In a plea to the coroner Harley's mother said in an additional statement: "The family believe Harley's death was accidental.

"Harley showed no signs of mental illness or depression. He had made many plans for the future, both long and short term.

"Harley took pride in his appearance and had arranged his clothes for Cheltenham race week along the landing. He had also planned to meet a number of people during this time.

"He had spent many hours preparing his race card for the coming season, which began the week after Cheltenham Festival and was looking forward to taking part.

"Harley was very happy in his job and looked forward to seeing his friends every day. He loved working with horses and got great satisfaction from it.

"He said he was looking forward to riding a particular horse in a race in a few weeks time.

"We have a photograph of Harley taken during the early hours of March 11, the day he died, which shows him enjoying himself and looking very happy.

"Harley sent videos to his friends at 3am that morning of him dancing the night away on social media.

"The note that I found in January could have been written anytime in the last three years. There is no mention of suicide or self harm in it.

"It could have meant a move to a different location or a change of direction in life. There was no finality to it. There was also no goodbye or farewell.

"All it asked was for me to look after his horse. Harley was very pleased with the ongoing success of Woody.

"We have no reason to believe Harley had any issues or worries. He was particular over his plans for the future.

"If he had intended to harm himself he would have ensured that any element of doubt would have been removed.

"Harley was a caring person and we feel that he would have said 'goodbye'.

"We believe Harley was happy and content in all aspects of his life. He loved his job, his friends, his horse and his family. He was looking forward to the future.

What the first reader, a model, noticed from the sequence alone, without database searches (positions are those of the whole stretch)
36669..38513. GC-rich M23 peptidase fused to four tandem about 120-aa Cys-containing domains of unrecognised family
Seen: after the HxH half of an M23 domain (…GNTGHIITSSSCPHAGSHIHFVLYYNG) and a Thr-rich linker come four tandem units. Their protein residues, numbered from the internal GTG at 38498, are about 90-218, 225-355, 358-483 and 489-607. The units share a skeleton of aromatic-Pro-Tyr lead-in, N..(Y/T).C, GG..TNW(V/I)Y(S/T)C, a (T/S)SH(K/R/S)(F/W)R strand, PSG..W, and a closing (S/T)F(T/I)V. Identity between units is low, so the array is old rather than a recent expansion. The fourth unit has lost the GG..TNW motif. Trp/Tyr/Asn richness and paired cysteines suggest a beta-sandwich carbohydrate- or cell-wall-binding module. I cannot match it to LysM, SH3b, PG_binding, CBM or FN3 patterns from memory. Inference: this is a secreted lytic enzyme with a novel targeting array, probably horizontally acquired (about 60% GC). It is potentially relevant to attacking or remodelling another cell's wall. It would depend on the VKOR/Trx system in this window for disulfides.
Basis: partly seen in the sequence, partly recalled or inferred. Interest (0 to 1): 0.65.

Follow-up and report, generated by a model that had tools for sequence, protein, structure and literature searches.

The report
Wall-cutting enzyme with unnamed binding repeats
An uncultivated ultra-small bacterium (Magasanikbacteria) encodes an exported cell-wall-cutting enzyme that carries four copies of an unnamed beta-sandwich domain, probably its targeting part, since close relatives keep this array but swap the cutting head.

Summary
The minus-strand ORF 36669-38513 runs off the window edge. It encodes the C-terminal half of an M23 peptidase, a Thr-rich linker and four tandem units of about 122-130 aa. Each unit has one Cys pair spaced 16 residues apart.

"There is considerable doubt to conclude that Harley's death was suicide. We feel there are many possible reasons why he came into the position that caused his death.

"We are aware that we may never know, but we doubt that Harley had a suicide intention."

The assistant coroner Roland Wooderson extended his condolences to Harley's family for their loss before concluding that the young rider died from the effects of hanging.

He gave a narrative conclusion, saying "After an investigation police confirm that there was no evidence of third party involvement. Sometime prior to Harley's death a note was found in his bedroom which gave his family concerns about his mental health.

"The family consider the note could have been written anytime in the past three years. The deceased had many future plans and was happy in his employment.

"The family doubt that Harley had a suicidal intent. His GP confirms that he had not been prescribed anti-depressant medication or was suffering from mental health issues."

In a tribute to Harley, trainer Martin Keighley said he had worked for them for six years and added: "Harley was a massive part of our team and we were so fond of him.

"When he started with us he was very quiet but his riding ability was always fantastic - he had a quiet but firm way with horses.

"Harley was a gifted rider and we are all heartbroken that we'll never see him again. He will never ever be forgotten by us all."

If you are struggling with your mental health, please visit Samaritans and Papyrus